Abstract in English:
Who would have thought a decade ago that not only the European Union but also its neighbourhood both in the East and in the South would have been turned upside down due to a series of crises? Back in 2006 the EU had gone through a successful ‘big bang’ enlargement absorbing ten Central and Eastern European countries and was about to take two more states on board. The economy was doing well, ideas for establishing a ‘ring of friends’ in the immediate neighbourhood were flowering and Russia was seen as a close partner. Yet things have gone differently than might have expected. The financial crisis, the Arab Spring and its consequences, the Russian annexation of Crimea and the war in Ukraine, the development of ISIS, the war in Syria and the growing number of refugees and migrants from North Africa and the Middle East are challenges the European Union has been facing in recent years.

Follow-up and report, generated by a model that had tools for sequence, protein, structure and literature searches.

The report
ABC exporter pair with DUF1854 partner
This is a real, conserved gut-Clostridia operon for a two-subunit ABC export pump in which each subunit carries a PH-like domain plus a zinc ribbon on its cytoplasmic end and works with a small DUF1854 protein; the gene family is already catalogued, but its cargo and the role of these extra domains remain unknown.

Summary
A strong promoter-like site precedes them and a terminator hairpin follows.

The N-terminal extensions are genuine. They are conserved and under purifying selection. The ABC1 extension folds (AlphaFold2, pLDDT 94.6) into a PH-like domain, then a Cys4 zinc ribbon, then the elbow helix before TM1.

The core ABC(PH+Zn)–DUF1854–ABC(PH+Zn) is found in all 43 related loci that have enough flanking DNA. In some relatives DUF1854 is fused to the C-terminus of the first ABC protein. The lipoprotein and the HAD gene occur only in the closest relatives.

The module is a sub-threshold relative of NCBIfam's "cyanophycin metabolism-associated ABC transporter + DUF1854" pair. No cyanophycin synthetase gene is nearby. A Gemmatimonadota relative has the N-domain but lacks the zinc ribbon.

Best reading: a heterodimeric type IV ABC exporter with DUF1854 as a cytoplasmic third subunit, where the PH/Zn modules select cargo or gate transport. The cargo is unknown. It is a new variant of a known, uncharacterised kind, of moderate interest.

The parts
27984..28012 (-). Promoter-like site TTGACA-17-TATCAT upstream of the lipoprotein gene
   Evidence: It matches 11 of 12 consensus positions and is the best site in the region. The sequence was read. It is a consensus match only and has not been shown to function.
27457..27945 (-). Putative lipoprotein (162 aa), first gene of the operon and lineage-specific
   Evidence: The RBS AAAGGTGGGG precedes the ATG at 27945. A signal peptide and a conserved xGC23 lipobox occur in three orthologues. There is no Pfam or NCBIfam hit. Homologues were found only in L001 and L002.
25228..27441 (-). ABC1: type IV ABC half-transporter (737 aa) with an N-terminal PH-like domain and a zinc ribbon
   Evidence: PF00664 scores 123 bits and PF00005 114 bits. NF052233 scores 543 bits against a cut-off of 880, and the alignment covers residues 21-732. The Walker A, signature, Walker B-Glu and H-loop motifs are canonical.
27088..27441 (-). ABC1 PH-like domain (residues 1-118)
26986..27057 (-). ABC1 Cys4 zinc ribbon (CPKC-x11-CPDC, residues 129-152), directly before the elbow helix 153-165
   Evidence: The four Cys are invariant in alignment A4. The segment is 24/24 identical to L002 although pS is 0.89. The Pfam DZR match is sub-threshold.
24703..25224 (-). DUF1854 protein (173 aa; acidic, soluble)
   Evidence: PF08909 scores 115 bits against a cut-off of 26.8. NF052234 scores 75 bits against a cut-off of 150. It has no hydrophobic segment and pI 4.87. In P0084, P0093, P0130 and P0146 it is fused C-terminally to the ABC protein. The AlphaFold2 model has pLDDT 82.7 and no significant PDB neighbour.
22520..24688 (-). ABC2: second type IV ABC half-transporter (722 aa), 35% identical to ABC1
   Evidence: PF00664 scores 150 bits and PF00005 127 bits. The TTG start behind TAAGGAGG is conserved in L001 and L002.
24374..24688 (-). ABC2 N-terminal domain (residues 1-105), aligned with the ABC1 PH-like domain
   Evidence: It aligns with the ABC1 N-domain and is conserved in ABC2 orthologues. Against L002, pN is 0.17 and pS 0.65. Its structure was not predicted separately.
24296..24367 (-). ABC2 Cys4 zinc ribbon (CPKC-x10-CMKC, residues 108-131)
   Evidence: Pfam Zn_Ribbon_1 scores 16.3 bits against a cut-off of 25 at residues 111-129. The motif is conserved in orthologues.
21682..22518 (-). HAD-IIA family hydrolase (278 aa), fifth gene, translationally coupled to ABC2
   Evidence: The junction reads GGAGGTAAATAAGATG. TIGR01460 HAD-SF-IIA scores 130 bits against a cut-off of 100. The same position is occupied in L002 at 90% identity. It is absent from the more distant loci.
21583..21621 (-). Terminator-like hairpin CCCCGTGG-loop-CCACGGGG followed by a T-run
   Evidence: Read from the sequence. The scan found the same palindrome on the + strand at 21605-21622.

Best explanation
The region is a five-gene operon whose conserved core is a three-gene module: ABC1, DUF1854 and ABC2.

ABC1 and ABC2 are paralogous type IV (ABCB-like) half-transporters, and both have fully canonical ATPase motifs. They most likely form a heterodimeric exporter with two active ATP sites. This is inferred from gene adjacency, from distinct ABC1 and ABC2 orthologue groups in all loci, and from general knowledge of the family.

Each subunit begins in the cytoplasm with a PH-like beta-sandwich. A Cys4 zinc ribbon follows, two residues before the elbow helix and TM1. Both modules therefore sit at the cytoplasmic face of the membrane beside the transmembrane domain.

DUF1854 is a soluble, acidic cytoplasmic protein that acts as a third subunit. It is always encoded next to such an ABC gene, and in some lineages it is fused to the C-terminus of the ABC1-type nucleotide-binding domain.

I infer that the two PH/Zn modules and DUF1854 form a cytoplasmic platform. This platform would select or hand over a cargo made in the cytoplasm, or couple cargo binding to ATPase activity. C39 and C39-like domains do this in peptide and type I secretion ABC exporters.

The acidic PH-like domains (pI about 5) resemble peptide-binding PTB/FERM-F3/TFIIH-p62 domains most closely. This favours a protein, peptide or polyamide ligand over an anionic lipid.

Although predictions of the end of the European project seem to be premature, it has become obvious that the EU is in a serious crisis, both as an idea and as an organisation and international actor. Therefore simply reacting to crises is no longer an option. The EU desperately needs to think and act strategically if it wants to survive and to have any influence on the global stage.
Above all, it needs to define its future-oriented interests and how these interests can be reconciled with values that the EU attempts to project and protect. Against this backdrop, the Dahrendorf Forum – Debating Europe initiated a foresight project which aimed to set out different scenarios for the future relationship between the European Union and the five countries/regions of the Dahrendorf Forum: Ukraine and Russia, Turkey, MENA, United States and China.
The alternative futures engage in defining the most likely trajectories, downside risks, new trends and ‘unknown unknowns’. By reflecting the forward-looking challenges, the Dahrendorf Foresight Project tries to assess the EU’s role in the world in 2025.